Case Report Creative Commons, CC-BY
Iron Tablets or Gallstones? Iron Overdose in Situs Inversus
*Corresponding author: Leonard Ranasinghe, Professor of Emergency Medicine, California Northstate University, Elk Grove, California, USA.
Received: March 10, 2020;Published: March 19, 2020s
A 38 year-old male with a history of psychiatric illness and methamphetamine abuse presented to the emergency department (ED) reporting intentionally taking cyclobenzaprine, alprazolam, and iron tablets. He could not provide history regarding exact dosages or time of ingestion. An abdominal x-ray showed multiple radio-opacities in the right upper quadrant. (Panel A) The location and exact nature of these opacities was initially unclear. A chest x-ray suggested situs inversus. (Panel B) The foreign bodies were then found to be iron tablets located in the stomach. Whole bowel irrigation (WBI) with polyethylene glycol was instituted to decontaminate the gastrointestinal tract. Following WBI, the gastrointestinal tract was clear of all radiopaque tablets. (Panel C) The patient had no complications following the procedure and remained stable after the remaining iron tablets were removed.
Opaque foreign bodies in the upper right quadrant on x-ray likely to be iron tablets in the stomach suggesting situs inversus. Situs inversus is an rare inherent condition consisting of inversion of the major organs from their normal positions in the body. Abdominal and thoracic organs are transposed and seen as a mirror image of normal anatomy. It occurs in approximately 1 in 10,000 persons in the population (0.01%). Some patients have comorbid conditions such as primary ciliary dyskinesia, congenital heart disease, renal disorders and biliary atresia that cause far more complications. Patients with isolated situs inversus are usually asymptomatic and have a normal lifespan . Prior to diagnosis of this anatomic abnormality in patients, situs inversus may cause confusion for physicians thus affecting diagnostic studies and procedures. Situs inversus complications most often occur in undiagnosed patients with abdominal pain, where left lower quadrant pain can be confused with diverticulitis instead of appendicitis. It is important to recognize situs inversus in order to prevent surgical confusion or complications by failing to identify the reversed anatomy in procedures such as appendectomy or cholecystectomy. There have been no documented cases of a patient with situs inversus with an iron overdose  .
Intentional overdose of iron tablets in adults is uncommon but more commonly seen in accidental ingestion in children under 5 years old. It adults, iron overdose is more commonly seen with multiple drug ingestion and can lead to GI, cardiovascular, metabolic, hepatic and central nervous system toxicity. Acute iron poisoning is generally characterized in five overlapping phases. The first phase is the gastrointestinal phase starting at 30 minutes to 6 hours after ingestion, and is characterized by abdominal pain, vomiting, diarrhea, melena, shock - causing death in this phase - and metabolic acidosis. The iron tablets cause direct injury to the GI mucosa, leading to these symptoms. Patients with mild to moderate toxicity generally do not go beyond this phase .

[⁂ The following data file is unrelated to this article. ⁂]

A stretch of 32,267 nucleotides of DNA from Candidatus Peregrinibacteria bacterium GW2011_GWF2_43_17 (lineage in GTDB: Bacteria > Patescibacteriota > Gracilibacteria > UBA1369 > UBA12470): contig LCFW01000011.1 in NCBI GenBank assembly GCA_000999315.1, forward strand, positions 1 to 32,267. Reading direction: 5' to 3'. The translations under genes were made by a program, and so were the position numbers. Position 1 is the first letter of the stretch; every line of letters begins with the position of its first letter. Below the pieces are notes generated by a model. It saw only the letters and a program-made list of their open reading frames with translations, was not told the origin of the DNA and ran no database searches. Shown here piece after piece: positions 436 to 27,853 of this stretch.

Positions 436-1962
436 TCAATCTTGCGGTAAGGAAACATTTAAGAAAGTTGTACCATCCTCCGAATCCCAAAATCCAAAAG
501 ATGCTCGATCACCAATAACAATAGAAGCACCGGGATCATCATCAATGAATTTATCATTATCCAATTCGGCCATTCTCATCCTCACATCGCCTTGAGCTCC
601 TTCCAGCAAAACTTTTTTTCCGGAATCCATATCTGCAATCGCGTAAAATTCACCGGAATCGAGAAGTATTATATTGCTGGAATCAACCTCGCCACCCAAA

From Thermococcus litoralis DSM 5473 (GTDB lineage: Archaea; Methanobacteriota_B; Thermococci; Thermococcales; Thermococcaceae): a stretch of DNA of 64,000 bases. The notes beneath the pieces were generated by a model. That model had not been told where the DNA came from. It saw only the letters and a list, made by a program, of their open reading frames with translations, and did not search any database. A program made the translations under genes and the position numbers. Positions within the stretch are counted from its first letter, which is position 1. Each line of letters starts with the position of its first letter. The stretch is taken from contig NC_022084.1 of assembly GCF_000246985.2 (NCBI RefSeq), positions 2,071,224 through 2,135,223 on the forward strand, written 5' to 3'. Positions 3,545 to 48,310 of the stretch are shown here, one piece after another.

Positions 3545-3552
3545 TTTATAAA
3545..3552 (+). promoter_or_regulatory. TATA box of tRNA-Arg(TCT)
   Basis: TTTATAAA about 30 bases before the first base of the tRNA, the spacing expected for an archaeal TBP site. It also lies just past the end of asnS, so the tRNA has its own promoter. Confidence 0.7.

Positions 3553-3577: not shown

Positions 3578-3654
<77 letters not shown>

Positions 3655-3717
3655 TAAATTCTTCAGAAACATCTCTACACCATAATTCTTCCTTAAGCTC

From 6 hours to 24 hours is the latent phase, where symptoms are relatively stable and the patient appears to recover. However, close monitoring is essential in case of severe iron poisoning and clinicians should watch out for signs of poor perfusion, hyperventilation, and oliguria.d This phase is often transient or may not occur with severe poisoning. Shock and metabolic acidosis can occur from 6 to 72 hours after ingestion, which may lead to multisystem organ failure. Hepatotoxicity and hepatic necrosis generally develop a few days after ingestion if a patient is not adequately treated. Liver failure is the second most common cause of death. Two to eight weeks after ingestion, patients can develop bowel obstruction from GI scarring . When a significant number of iron pills are seen on abdominal radiograph, a whole bowel irrigation (WBI) should be performed to prevent uptake of the additional iron in the gut. Treatment is ended when the patient is clinically stable, has a clear rectal effluent, and there is an absence or a decreased number of iron tablets seen on repeat imaging  (Figure 1& 2 & 3).
WBI may be indicated in cases of potentially dangerous poisoning where the toxin is not amenable to activated charcoal. To perform WBI irrigation, a nasogastric tube should be placed and PEG solution titrated to a goal rate of 1-2 litres per hour. Due to patient intolerance, 2 litres per hour is rarely attainable. WBI should not be performed in cases where the airway is at risk or unprotected.
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